The students walked out and held a rally to protest the ongoing racist and homophobic atmosphere going on at the high school.
Several students spoke using a bullhorn to the crowd to demand action and for the administration to do something about it.
Hundreds of students walked out of class at Bloomfield Hills High School in Bloomfield Hills, MI in 2021 to protest an ongoing pattern of racist actions and an unsafe environment. The school is about 73% white and 10% Black. One parent said of her child, "She complains all the time that people in power are aware and nothing's being done. And this has been going on for years." Students leading the protest said they wanted administrators to create a more equitable and inclusive environment for students of color. They also asked for a community forum to discuss incidents of hate in the district.

Timing is a funny thing. I'd had a version of this piece drafted for a long, long time, and it just happened that we got to this point in the Book of Numbers when it became... this week. Which happens to be kind of a newsworthy time (if you didn't see on social media already.) (I swear that I didn't plan it this way, but here we are.) (I'm resharing some of what I wrote on social media, because I don't have other words yet. I will at some point.)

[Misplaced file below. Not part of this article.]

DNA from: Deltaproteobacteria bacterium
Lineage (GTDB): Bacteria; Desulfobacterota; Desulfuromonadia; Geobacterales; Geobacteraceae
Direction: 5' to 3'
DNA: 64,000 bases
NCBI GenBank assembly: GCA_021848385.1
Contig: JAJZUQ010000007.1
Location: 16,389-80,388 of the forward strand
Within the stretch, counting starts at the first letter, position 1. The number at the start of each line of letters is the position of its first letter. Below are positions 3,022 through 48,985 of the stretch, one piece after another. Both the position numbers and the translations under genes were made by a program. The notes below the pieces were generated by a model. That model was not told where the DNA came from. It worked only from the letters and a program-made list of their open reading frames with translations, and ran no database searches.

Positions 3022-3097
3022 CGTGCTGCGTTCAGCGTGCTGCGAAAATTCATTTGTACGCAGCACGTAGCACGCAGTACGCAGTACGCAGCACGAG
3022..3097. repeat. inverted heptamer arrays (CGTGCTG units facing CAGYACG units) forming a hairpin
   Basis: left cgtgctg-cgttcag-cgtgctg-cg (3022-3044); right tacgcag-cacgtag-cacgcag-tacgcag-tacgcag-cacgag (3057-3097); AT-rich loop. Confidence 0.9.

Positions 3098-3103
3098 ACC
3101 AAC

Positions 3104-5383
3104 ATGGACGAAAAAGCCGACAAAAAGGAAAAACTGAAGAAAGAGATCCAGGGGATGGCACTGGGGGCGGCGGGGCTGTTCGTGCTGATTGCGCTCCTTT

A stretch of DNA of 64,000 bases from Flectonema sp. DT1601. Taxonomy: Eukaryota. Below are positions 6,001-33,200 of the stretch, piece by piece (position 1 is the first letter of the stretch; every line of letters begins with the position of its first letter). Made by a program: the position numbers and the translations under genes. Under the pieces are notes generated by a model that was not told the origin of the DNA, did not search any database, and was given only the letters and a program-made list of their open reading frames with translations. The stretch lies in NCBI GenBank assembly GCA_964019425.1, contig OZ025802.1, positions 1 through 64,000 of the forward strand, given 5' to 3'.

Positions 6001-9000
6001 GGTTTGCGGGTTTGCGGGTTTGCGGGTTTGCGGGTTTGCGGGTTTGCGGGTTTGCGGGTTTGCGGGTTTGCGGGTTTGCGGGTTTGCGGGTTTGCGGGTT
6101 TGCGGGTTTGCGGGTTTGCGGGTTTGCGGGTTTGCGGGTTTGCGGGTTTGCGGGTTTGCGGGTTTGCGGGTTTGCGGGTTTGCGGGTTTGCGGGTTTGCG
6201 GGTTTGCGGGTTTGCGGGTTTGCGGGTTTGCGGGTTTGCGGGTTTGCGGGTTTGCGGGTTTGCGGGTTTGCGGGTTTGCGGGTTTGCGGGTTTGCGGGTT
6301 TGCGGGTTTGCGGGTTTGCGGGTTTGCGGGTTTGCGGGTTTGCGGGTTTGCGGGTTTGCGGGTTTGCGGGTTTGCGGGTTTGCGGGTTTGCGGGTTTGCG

So. Rabbinical school was awful for me.

Anyone who saw me there or has spoken to me personally about this is aware of this fact.

But candidly, I never assumed that I’d have the political option of speaking or writing publicly about it; I always figured that the bullying, harassment, manipulation, and gaslighting that I experienced would primarily remain a matter for me and my trauma therapist.

But then I found myself one day on a Zoom call, asked by the wonderful Dr. Keren McGinity (who was serving in an ombudsperson role) to do some strategizing work with a then-current rab student named Shayna Dollinger who was being denied her Title IX rights— and it turned out that another colleague was also on the call– the great Rabbi Lauren Henderson, one of the many many many women who had transferred or dropped out from the same school. (They shed strong women like they shed cats, I used to say.)

The harm is not all gender-based, by a long shot– there's a whole cornucopia of issues– and 20 years later, there's still so much harm being perpetrated.

And it was clear to us that we had to do something so that nobody else would experience what we did. And it was also clear to us, once we began to talk, that none of us were ever really alone, if we began to think about it.

We began to reach out to other people that we know who had stories, who had experienced harm. We'd ask them who else we should ask. We began building a Google doc, making bullet points of the most significant things that had happened, eventually grouping them by category, with headings. We submitted a letter signed by 13 people to the Ethics Committee of our denomination just before Passover last year; they opened an investigation, and eventually the school itself hired an independent firm to investigate as well. (A highly incomplete version of the story here.) There are now over 25 of us, and the number keeps growing. I know many more people than that in our extended network, even if some prefer to keep their distance for fear of retaliation or the like.